NERFA Report

The Northeast Regional Folk Alliance (NERFA) is a regional affiliate of Folk Alliance International (FAI) and holds an annual music business conference in Stamford, Connecticut each November.

This year I attended as a Singer-Songwriter and Performer, and also as a Folk DJ, since I am co-host of a radio show called Folk Talk, a weekly 1 hour folk music & talk radio show hosted by Rik Palieri on WBTV-LP 99.3 FM, Sundays @ 4PM.

The Rix
The Rix

Other things I did differently from my first NERFA, last year:

  • Came as early as possible on Thursday and stayed through lunch Sunday.
  • I got an exhibit hall table, which I shared with The Rix, and which also served for promoting Folk Talk, as Rik Palieri, the host, is a member of The Rix duo. Our table was next to Zoe Mulford, who has appeared on our radio show, and it was a delight to get to talk with her and her husband.
  • I have physical CD’s of my new album, Common Man Blues, and was able to give it to DJ’s with a Track Card and Press Release folded and tucked inside the CD sleeve.
  • I bought the extra meals and made time for at least one nap.
Zoe Mulford
Zoe Mulford

I also did something NOT recommended: I seriously cut one of my fingers on my right hand carelessly reaching into my bag (shaving razor got loose) and had to detour on the way to an urgent care facility to properly bandage it up, as the single band-aid I had in the car could not contain the flow of blood. I had a GIANT bandage on the ring finger of my right hand.

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Comically Oversized Bandage

I attended a songwriter swap called “Unsung Songwriters” with my hand like that, and was glad I had the ukulele! I was able to swap the comically-oversized bandage for two normal fabric ones and at least I didn’t look as weird playing. Good thing I use my thumb and index finger for most picking!

Jason Baker and Alice Hasen
Jason Baker and Alice Hasen

Another new thing: playing a guerrilla showcase with a new accompanist with a single rehearsal! A violinist named Alice Hasen put out on the NERFA Talk Facebook group that she was available to join other artists in their showcases, so I, and apparently a lot of other people, took her up on it. She did a phenomenal job on everything she played on, and her own showcases were delightful! I was very excited to meet a young musician of this caliber, and although she is based out of Memphis now, she is originally from Shelburne, Vermont, up in my neck of the woods, so I am hopeful we will get to work together in the future.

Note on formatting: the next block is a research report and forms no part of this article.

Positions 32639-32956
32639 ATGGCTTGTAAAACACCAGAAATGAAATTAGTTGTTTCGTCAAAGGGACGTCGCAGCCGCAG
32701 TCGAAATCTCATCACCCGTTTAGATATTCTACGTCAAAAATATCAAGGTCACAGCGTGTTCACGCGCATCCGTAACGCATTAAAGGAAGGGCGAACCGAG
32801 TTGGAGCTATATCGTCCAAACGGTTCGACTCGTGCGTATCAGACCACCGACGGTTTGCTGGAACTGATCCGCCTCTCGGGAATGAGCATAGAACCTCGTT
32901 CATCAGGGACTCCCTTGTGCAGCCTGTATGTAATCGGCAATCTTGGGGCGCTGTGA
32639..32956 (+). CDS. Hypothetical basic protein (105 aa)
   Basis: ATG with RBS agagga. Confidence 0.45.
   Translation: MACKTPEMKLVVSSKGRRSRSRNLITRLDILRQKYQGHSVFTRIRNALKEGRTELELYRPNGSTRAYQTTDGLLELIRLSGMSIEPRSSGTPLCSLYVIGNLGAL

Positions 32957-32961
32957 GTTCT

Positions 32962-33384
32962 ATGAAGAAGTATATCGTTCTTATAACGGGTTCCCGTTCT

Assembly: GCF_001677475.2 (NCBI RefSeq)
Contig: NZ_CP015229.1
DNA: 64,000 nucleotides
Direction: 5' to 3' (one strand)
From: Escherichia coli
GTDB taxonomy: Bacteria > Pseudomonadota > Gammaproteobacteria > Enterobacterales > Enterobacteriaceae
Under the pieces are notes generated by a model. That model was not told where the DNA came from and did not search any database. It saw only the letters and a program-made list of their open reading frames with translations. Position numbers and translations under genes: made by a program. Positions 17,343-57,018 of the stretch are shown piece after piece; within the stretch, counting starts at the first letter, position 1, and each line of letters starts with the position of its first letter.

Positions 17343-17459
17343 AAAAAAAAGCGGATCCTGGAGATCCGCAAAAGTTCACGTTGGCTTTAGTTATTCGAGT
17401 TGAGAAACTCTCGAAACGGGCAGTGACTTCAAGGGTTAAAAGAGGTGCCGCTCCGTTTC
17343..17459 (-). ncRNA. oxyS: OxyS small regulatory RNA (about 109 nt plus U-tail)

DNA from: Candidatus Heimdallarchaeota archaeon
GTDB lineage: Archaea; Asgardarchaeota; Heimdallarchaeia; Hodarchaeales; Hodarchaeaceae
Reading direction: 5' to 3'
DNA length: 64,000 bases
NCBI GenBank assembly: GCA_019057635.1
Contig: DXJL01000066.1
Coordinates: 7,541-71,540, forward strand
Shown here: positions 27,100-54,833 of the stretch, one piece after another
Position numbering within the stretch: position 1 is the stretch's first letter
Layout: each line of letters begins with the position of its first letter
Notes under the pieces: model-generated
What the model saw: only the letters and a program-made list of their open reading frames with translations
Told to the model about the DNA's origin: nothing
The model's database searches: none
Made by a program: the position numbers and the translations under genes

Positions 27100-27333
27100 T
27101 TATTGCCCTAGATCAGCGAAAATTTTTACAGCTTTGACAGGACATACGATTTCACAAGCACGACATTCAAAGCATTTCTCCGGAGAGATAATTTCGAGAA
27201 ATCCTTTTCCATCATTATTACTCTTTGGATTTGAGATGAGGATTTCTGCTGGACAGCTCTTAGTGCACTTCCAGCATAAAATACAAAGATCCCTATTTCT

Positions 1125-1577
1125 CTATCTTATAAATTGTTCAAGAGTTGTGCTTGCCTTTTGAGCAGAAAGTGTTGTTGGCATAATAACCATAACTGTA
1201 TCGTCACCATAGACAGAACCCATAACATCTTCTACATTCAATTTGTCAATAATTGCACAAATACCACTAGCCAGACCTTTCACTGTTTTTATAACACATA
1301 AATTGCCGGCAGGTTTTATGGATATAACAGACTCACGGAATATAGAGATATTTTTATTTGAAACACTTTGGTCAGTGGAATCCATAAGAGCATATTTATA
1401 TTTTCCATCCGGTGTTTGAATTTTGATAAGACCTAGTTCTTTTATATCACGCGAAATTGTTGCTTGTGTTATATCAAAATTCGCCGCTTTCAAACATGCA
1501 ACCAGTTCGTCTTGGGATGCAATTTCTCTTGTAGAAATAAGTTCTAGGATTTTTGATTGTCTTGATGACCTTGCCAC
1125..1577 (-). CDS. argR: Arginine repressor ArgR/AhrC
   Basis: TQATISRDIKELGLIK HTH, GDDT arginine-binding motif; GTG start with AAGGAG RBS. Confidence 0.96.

Murder Ballads on a all-metal, round-neck resonator!
Murder Ballads on a all-metal, round-neck resonator!

Another way I stepped out of my comfort zone was signing up for the Crab Donkey “Murder Ballads” showcase. I specifically learned two songs for this: “Stagger Lee” and “Banks of the Ohio” and played them on a round-neck, all-metal resonator guitar on loan from Rik Palieri.

The showcases wrapped up, in classic NERFA style, at 3 AM, but we had people singing along even at that hour!

Vance Gilbert harasses Alice Howe and Freebo while my showcase buddies Susan & Ray look on…

Workshops I attended included Vance Gilbert‘s Performance Workshop (as usual, pure genius, not long enough) a DJ workshop about new digital platforms, and a workshop by Liz Stookey-Sunde, Founder of Music to Life, about connecting activism and music.

Hoping to get Vance to come up to Burlington to do his workshop and maybe a show. Also hoping to connect with Liz at Music to Life to develop a plan for a “Social Change Music Academy” concept.

“Folk Talk” is already part of the offerings on Folk Music Notebook, a new 24-hour folk music internet radio station created by Ron Olesko, DJ and Founder of  “Traditions”, now WFDU-FM’s longest running program.

NERFA is an interesting opportunity to connect with the community in a way that is different from the rest of the year, and I look forward to the next one!

What’s a NERFA?

Well, according to their website: